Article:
♦ Install passenger lifts in preference to other devices, as they provide the most convenient means of vertical circulation.
♦ Consider improving controls, signalling, safety and communication devices, and surface finishes in existing lifts.
Accessible – Facilities that are designed to be accessible and understandable to all users of a building or external environment.
Building – A permanent or temporary structure of any size that accommodates facilities to which people have access.
Building user – A person regardless of age, size, ability or disability using facilities in a building or associated external environment.
Clear width – The width between handrails.
Dog-leg/Switch back stairs – Configuration of stairs between two floors of a building, often a domestic building, in which a flight of stairs ascends to a half-landing before turning 180 degrees and continuing upwards. The flights do not have to be equal, and frequently are not.
Escalator – A moving stairway.
Evacuation lifts – Lifts designed to continue operating in the event of a fire, which have special design features to ensure safety.
Fillet – A decorative filler piece on the floor between balusters.
Inclined platform stairlift – A stairlift incorporating a fold-down platform for wheelchair users and support rails that follows the incline of a stair. Also termed wheelchair stairlift and platform stairlift.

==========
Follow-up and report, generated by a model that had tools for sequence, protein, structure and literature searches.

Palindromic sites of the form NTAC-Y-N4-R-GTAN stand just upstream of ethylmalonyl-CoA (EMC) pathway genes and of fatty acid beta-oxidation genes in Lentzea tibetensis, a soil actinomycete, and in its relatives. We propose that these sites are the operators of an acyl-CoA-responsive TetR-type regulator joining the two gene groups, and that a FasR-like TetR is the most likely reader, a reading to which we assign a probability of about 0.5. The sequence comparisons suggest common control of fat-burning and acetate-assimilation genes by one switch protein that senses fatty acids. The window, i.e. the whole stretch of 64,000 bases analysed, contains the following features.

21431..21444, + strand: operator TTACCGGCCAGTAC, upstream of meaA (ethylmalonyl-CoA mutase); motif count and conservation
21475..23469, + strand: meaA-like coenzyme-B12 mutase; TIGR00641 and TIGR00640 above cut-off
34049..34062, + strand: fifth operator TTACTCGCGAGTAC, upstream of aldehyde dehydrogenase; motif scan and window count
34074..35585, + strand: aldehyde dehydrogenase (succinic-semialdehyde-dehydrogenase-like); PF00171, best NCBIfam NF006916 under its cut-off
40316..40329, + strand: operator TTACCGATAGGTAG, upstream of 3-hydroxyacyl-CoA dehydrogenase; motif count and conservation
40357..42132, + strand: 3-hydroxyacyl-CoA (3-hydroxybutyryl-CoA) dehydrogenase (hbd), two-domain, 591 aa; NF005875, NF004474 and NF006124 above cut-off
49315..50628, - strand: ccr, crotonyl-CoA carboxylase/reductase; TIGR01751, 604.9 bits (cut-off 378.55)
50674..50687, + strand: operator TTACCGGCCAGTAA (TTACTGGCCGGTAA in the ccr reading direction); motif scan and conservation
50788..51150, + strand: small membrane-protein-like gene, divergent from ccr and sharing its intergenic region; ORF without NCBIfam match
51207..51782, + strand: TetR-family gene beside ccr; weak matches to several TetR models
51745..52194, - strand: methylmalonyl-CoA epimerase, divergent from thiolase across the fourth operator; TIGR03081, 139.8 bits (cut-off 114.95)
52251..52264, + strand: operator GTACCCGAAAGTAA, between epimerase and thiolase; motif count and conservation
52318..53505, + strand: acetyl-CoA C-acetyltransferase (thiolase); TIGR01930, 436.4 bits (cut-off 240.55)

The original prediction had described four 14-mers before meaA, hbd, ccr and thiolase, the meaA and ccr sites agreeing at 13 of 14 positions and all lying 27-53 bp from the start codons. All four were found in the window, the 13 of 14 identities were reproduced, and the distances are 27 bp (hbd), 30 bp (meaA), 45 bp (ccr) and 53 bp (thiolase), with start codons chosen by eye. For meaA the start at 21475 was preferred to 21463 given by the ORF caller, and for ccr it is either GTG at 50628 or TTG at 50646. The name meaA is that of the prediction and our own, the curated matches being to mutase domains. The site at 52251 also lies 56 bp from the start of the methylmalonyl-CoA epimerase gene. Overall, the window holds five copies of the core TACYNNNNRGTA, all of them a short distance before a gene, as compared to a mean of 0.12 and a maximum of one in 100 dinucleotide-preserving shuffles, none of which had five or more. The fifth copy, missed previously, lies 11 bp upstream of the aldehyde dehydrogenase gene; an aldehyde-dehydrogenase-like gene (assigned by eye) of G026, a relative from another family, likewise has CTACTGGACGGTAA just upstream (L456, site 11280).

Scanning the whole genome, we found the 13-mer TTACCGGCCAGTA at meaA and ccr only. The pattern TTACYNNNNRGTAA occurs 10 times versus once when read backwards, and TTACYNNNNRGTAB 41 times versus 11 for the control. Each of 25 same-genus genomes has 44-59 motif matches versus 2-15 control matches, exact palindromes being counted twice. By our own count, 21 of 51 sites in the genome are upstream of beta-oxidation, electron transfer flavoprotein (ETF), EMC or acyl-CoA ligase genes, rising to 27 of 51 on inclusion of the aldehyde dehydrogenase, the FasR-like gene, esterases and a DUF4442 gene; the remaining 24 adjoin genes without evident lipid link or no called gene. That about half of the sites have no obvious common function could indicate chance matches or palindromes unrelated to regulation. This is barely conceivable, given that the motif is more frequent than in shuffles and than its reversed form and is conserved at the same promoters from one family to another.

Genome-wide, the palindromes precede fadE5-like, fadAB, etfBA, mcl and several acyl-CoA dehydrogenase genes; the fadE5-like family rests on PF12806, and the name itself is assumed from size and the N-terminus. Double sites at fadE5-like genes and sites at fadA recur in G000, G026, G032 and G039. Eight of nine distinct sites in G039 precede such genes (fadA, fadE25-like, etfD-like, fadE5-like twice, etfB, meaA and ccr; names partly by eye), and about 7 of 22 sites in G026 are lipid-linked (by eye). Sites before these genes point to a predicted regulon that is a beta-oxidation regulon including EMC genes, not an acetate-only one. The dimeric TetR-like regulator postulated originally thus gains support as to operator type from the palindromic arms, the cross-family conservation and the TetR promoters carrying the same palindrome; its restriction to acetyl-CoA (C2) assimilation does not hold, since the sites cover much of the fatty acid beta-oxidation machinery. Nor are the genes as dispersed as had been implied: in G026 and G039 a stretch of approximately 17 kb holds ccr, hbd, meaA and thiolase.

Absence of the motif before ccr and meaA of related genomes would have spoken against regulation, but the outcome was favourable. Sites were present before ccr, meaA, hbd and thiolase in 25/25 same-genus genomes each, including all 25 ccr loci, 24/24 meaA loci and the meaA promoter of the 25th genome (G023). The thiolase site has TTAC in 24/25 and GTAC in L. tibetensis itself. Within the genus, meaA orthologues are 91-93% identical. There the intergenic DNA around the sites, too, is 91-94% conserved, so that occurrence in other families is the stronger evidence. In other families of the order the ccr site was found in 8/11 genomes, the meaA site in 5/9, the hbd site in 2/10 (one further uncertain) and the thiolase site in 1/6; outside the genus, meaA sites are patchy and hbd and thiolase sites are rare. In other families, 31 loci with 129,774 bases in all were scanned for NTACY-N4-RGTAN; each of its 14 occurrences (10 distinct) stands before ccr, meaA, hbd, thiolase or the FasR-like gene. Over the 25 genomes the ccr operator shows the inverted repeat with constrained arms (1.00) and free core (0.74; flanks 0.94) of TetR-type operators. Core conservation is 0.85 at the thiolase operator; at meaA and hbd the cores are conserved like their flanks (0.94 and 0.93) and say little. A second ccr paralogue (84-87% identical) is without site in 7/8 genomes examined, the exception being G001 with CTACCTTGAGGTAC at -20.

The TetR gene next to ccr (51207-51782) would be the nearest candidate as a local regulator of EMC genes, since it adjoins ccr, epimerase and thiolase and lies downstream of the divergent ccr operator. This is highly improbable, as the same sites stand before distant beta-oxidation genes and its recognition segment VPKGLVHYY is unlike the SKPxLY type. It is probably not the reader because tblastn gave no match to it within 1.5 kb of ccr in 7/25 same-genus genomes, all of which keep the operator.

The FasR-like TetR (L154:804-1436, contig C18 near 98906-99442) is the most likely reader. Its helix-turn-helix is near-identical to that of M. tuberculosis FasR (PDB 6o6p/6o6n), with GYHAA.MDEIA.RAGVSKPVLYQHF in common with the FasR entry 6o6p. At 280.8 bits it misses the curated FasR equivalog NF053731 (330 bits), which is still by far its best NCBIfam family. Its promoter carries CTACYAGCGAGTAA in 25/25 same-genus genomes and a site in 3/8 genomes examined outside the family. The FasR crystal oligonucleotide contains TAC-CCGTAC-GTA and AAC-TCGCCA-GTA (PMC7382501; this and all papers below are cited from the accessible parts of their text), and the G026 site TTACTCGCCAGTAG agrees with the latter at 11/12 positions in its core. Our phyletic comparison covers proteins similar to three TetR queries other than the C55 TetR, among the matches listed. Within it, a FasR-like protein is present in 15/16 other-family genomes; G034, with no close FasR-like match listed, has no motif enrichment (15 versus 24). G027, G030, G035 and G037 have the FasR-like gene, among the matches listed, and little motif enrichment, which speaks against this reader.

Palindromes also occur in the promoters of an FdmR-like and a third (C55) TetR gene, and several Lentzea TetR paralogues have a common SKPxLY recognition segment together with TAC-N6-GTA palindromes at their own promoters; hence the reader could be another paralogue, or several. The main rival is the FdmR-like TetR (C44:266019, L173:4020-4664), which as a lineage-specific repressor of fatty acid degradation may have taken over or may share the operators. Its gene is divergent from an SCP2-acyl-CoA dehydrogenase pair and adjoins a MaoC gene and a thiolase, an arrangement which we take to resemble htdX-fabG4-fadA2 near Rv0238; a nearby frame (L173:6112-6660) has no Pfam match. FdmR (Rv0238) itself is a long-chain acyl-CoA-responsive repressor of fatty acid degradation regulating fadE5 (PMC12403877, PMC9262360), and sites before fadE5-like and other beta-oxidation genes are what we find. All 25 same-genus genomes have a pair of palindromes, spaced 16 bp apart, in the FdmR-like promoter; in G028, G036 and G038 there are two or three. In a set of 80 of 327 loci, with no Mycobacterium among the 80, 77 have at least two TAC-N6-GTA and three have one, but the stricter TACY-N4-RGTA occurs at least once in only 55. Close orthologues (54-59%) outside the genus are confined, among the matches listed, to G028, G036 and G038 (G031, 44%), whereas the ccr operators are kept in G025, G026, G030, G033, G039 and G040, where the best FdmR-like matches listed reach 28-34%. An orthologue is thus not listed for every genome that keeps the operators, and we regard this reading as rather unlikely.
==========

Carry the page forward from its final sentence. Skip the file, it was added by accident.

Kerbed upstand – Strip used to form a raised edge (for example 150mm high) at floor level.
Nosing – An edge part of the step tread that protrudes over the riser beneath in a flight of stairs.
Passenger lift – A conventional motorised lift enclosed within a structural shaft and rising one or more storeys within a building. Lift and door movement is automatic.
Refuge area – Areas within a building, separated by fire-resisting construction and provided with a safe route to a storey exit, where people with mobility difficulties can await assistance for their evacuation.
Riser – The vertical portion between each tread on the stair.
Stairlift – A device mounted on a support rail that follows the incline of a stair and incorporates either a seat with footrest (chairlift) or standing platform and perch (perching stairlift). Stairlifts are designed for domestic use only. Also termed chair stairlift and domestic stairlift.
Travelator – A moving walkway designed to transport people quickly over a long distance in large buildings. Travelators are usually level, but may have a slight incline where a vertical change in level is also required.
Tread – The part of the stairway that is stepped on.
Vertical platform lift – A guarded platform that travels vertically and is designed to accommodate one wheelchair user and one companion. Vertical platform lifts do not require a structural shaft, but are required to be enclosed if they rise more than 2000mm. Also termed vertical lifting platform; vertical-rise platform lift; short-rise platform lift (up to 2000mm rise); enclosed platform lift; hydraulic platform lift; and scissor lift.
- The 7 Principles of Universal Design